The history of "The Great Bottle vs. Can Debate" has been full of lagers and hoppy ales. With such a limited number of beers available in both vessels it's rare that this section gets to host such a prestigious beer. Rodenbach is a Flanders Red Ale, an unusual Belgian beer style which involves barrel aging the beer for long periods of time and then blending the aged beer with new beer.
Until only 2 weeks ago I was unaware that Rodenbach was even available in can form. Since then I've had quite a few of them, it's one of the most sessionable sours out there. I know I've had the bottle before but can't remember it, so I'm very interested to see what differences there are between the can and the bottle. I think it's fantastic that there is a sour available in cans, imagine taking a couple of sours to a festival as morning palate cleansers!
Both the bottle and the can pour a similar red colour. The head from both vessels has a pinkish tinge to it with a number of large bubbles dissipating it quickly. The can appears to have a slightly larger head - although both are comparable.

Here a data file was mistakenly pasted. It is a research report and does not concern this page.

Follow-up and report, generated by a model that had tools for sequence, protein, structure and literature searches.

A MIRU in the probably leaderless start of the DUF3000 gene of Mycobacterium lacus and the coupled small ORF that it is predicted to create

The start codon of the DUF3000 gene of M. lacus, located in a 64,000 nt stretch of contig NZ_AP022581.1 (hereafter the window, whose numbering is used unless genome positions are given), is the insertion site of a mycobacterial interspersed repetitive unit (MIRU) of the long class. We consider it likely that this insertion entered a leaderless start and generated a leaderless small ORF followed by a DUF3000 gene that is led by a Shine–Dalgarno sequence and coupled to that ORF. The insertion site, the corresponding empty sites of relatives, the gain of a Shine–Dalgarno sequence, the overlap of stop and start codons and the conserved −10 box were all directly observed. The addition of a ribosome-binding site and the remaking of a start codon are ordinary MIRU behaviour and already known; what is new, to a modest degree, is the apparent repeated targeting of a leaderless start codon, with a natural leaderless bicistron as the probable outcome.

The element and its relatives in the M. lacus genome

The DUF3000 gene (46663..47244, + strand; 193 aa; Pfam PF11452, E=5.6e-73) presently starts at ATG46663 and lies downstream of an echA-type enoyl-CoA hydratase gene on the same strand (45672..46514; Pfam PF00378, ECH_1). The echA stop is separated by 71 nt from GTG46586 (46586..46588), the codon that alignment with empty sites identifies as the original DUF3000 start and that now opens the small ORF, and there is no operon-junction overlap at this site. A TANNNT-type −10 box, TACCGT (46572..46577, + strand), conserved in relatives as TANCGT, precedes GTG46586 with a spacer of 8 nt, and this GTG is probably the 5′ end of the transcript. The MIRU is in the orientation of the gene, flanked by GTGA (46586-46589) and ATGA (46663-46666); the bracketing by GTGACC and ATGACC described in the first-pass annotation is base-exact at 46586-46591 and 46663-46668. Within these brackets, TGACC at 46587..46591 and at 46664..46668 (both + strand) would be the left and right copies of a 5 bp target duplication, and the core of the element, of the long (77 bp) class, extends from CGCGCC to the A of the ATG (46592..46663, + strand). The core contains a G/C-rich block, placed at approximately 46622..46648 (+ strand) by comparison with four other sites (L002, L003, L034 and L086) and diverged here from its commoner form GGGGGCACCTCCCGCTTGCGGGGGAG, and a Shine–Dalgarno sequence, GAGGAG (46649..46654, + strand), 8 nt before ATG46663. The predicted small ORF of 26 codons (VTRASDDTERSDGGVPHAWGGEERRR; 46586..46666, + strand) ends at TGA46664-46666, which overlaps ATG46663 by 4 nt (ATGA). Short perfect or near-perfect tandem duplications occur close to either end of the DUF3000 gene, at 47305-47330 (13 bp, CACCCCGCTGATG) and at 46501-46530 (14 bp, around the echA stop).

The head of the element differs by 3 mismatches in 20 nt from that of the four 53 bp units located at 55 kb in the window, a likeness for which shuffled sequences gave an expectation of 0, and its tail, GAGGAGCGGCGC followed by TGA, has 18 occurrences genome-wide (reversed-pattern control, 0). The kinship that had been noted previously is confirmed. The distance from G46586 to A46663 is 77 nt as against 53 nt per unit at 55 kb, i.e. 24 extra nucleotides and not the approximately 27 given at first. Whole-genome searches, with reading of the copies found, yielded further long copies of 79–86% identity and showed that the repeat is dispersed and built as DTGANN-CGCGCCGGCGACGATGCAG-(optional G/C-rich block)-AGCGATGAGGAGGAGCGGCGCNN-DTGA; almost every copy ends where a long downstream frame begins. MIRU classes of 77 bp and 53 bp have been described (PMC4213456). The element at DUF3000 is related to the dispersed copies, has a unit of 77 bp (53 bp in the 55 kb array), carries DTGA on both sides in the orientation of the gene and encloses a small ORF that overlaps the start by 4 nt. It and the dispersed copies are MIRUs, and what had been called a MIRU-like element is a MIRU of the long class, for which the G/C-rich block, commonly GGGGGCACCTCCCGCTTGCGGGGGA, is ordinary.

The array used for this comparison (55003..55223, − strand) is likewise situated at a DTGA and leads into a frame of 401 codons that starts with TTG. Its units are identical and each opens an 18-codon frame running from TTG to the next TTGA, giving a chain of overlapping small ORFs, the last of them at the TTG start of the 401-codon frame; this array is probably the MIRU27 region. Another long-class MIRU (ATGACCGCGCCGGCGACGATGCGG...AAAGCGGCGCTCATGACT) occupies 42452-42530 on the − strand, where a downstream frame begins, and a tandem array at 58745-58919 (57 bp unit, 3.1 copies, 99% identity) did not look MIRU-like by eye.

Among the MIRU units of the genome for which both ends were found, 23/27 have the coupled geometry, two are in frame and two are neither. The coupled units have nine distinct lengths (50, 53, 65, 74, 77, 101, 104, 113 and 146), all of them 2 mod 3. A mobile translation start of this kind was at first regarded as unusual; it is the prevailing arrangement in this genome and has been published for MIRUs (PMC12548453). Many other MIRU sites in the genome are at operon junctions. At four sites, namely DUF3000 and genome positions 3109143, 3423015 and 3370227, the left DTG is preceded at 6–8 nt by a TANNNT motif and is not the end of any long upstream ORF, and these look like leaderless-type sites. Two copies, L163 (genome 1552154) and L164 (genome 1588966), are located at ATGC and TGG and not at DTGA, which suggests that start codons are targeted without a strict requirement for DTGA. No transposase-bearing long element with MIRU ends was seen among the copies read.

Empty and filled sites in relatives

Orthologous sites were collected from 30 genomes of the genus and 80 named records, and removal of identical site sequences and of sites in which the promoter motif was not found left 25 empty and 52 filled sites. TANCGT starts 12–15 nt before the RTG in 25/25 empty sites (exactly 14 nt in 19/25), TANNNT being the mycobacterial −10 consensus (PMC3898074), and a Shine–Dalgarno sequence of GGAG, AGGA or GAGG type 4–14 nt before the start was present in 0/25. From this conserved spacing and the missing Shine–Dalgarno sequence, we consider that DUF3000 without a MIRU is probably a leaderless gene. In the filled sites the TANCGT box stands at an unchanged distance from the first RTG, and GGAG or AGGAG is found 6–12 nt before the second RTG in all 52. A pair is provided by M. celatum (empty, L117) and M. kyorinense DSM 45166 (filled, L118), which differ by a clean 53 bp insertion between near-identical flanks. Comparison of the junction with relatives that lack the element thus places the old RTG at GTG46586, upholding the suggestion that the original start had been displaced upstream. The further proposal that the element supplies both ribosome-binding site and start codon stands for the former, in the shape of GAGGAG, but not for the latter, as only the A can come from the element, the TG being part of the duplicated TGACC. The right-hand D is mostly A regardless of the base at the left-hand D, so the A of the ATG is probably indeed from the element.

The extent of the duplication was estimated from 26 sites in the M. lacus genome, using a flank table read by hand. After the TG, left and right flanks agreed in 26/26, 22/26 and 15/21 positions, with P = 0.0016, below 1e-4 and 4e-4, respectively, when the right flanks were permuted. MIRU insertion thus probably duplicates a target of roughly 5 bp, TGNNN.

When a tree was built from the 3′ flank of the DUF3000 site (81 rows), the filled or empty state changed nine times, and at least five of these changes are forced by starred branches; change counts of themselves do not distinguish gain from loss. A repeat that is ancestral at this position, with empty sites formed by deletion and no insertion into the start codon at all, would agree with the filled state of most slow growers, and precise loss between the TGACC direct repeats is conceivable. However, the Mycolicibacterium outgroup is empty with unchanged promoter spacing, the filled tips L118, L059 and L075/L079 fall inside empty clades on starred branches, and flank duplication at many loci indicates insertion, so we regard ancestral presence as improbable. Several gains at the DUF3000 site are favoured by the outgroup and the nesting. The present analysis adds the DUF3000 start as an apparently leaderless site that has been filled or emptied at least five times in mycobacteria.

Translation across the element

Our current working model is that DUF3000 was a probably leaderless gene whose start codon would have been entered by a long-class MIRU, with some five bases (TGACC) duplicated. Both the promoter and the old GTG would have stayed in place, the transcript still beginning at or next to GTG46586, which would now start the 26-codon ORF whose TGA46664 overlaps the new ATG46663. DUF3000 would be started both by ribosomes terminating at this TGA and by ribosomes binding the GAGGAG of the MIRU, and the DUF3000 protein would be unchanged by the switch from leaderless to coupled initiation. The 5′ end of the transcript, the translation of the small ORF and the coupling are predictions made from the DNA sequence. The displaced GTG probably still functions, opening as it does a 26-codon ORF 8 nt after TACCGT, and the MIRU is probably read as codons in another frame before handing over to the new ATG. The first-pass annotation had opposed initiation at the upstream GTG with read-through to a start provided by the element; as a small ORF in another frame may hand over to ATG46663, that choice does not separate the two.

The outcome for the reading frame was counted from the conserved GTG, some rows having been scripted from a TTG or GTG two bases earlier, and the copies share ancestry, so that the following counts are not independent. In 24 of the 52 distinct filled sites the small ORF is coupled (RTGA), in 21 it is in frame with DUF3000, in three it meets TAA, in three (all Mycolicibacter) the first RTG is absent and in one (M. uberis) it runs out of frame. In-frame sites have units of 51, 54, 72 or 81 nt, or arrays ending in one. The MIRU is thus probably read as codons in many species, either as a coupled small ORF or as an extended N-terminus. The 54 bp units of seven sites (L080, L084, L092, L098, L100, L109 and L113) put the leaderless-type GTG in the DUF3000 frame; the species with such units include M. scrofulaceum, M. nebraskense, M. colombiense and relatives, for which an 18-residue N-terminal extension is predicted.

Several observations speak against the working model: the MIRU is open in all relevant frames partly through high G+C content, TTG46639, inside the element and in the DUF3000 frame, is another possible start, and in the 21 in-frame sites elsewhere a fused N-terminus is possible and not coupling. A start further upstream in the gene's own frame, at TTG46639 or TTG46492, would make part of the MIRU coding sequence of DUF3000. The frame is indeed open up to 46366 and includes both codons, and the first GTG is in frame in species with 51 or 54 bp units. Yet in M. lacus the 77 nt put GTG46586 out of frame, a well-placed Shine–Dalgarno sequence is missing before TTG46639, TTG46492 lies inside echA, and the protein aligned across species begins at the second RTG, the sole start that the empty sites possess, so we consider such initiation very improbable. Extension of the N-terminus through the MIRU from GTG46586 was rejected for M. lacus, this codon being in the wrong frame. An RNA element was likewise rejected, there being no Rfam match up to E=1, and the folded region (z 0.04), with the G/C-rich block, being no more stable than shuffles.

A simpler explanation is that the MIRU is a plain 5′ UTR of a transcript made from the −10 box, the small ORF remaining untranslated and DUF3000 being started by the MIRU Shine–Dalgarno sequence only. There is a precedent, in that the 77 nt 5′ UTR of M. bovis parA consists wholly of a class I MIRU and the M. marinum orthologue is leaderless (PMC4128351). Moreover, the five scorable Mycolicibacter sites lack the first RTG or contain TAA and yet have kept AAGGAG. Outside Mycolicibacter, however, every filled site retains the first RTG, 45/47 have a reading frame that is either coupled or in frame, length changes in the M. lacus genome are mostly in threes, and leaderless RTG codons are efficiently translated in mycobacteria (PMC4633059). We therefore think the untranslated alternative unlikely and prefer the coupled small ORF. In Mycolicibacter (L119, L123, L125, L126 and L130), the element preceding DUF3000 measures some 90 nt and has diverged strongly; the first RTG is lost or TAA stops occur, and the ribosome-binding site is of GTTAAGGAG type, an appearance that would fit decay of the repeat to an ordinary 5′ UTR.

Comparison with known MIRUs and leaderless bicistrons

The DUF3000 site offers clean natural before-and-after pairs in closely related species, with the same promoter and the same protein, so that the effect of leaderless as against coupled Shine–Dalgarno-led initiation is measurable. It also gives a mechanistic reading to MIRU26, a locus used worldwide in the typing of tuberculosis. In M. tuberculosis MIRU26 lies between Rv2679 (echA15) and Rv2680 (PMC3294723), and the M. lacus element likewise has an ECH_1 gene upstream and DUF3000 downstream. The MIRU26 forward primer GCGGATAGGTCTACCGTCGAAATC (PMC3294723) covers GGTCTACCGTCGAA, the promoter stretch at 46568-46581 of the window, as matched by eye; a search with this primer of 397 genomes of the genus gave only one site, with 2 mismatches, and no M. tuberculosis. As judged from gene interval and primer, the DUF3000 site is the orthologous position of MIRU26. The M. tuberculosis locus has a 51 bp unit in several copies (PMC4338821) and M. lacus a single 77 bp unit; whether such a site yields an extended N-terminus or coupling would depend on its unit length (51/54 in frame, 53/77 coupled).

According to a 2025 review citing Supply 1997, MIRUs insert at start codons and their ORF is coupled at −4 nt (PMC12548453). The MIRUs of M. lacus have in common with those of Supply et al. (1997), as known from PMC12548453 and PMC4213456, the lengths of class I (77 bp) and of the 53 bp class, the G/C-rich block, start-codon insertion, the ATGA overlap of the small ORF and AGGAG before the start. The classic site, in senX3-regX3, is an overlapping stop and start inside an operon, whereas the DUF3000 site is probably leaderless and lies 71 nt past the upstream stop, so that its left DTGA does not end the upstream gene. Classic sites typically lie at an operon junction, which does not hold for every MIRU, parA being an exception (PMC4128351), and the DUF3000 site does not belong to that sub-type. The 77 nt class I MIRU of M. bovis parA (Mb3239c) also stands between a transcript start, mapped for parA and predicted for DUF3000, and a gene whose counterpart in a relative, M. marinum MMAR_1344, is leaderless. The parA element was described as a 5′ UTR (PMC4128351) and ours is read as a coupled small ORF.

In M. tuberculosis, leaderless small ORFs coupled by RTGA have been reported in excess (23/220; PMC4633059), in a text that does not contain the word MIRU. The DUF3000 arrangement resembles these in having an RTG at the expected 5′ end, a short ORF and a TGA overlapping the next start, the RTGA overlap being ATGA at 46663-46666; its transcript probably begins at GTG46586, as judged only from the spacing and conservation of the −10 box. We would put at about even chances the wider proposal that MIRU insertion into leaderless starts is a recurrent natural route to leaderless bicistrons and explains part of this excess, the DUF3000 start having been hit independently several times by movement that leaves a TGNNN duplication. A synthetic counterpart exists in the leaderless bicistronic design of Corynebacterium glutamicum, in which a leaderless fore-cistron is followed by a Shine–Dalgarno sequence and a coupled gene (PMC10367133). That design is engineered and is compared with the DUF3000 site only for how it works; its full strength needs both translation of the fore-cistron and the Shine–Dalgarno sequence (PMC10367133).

On to the nose and again it is hard to distinguish a noticeable difference between the two. Both have good tartness with sour cherries being the dominant aroma. There's also hints apple, plums, grapes, vanilla and a very light oaky aroma.
Unlike the appearance or the aroma there is a noticeable difference in the flavour between the bottle and the can. Both have a distinctly tart cherry flavour initially before the can takes on a distinctly vinous characteristic. The bottle has a longer lasting sourness than the can as well as having an extra layer of complexity with the fruit flavours more prominent. The can is slightly less carbonated which makes it easier to drink. Both are excellent beers, but which is better?
This is the hardest decision I've had to make in the whole of The Bottle vs. Can Debate. Most of the time there is a clear cut winner due to the presence of off flavours or clearly more prominent hops. Rodenbach is different, the vinous quality of the can makes it seem like these are two completely different beers. After much consideration - I'm going to award it to the bottle. It's just a touch more complex and definitely slightly more sour. Don't look past the cans if you see them though - they are very good in their own right and more sessionable.
Remember it's always Beer O'Clock somewhere in the world!